Answer: "No." A "beneficiary" for purposes of the OTDA is the person to whom the obligation that the trust deed secures is owed. At the time of origination, that person is the lender. The trust deeds in these cases designate the lender as the beneficiary, when they provide: "This Security Instrument secures to Lender: (i) the repayment of the loan, and all renewals, extensions and modifications of the note; and (ii) the performance of borrower's covenants and agreements under this security instrument and the note." Because the provision that MERS "holds only legal title to the interests granted by Borrower in this Security Instrument, but, if necessary to comply with law or custom, MERS * * * has the right to exercise any or all of those interests, " does not convey to MERS the beneficial right to repayment, the inclusion of that provision does not alter the trust deed's designation of the lender as the "beneficiary" or make MERS eligible to serve in that capacity.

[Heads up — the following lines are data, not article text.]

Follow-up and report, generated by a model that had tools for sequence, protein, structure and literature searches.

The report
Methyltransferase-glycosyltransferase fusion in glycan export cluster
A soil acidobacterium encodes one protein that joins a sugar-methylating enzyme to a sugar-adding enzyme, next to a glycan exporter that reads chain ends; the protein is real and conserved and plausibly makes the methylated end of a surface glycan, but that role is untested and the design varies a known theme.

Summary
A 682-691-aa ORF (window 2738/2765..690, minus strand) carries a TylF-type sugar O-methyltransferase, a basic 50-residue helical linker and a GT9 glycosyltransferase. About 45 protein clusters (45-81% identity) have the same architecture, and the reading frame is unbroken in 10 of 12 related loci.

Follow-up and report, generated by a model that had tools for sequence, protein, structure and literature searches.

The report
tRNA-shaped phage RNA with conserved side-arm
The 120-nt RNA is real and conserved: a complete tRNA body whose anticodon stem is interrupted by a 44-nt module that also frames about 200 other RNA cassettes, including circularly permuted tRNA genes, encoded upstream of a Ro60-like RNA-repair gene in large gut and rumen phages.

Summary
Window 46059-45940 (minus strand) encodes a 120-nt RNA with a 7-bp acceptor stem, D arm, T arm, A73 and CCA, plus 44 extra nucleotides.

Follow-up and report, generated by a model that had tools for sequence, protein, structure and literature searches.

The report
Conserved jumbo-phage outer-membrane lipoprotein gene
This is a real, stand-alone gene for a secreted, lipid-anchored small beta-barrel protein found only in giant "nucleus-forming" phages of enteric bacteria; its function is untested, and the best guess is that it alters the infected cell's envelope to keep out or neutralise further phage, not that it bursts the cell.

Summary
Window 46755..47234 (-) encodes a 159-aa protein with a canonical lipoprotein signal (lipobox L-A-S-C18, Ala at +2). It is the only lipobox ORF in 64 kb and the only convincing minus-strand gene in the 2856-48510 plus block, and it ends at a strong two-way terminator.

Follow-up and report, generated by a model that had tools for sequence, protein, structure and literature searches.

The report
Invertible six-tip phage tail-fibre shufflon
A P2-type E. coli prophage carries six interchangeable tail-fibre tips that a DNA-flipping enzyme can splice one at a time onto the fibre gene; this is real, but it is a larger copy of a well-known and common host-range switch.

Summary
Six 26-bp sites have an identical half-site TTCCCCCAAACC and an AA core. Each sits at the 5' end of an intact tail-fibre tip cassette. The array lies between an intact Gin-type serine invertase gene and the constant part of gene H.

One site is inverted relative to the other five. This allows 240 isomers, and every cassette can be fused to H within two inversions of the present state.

(3) "No." ORS 86.735(1) does not require recordation of "assignments" of a trust deed by operation of law that result from the transfer of the secured obligation.
(4) We answer the question, as reframed below, in two parts:
(4)(a) "Does the Oregon Trust Deed Act allow MERS to hold and transfer legal title to a trust deed as nominee for the lender, after the note secured by the trust deed is transferred from the lender to a successor or series of successors?"
Answer: "No." For purposes of the OTDA, the only pertinent interests in the trust deed are the beneficial interest of the beneficiary and the legal interest of the trustee. MERS holds neither of those interests in these cases, and, therefore, it cannot hold or transfer legal title to the trust deed. For purposes of our answer to the first part of the fourth certified question, it is immaterial whether the note secured by the trust deed has previously been "transferred from the lender to a successor or series of successors."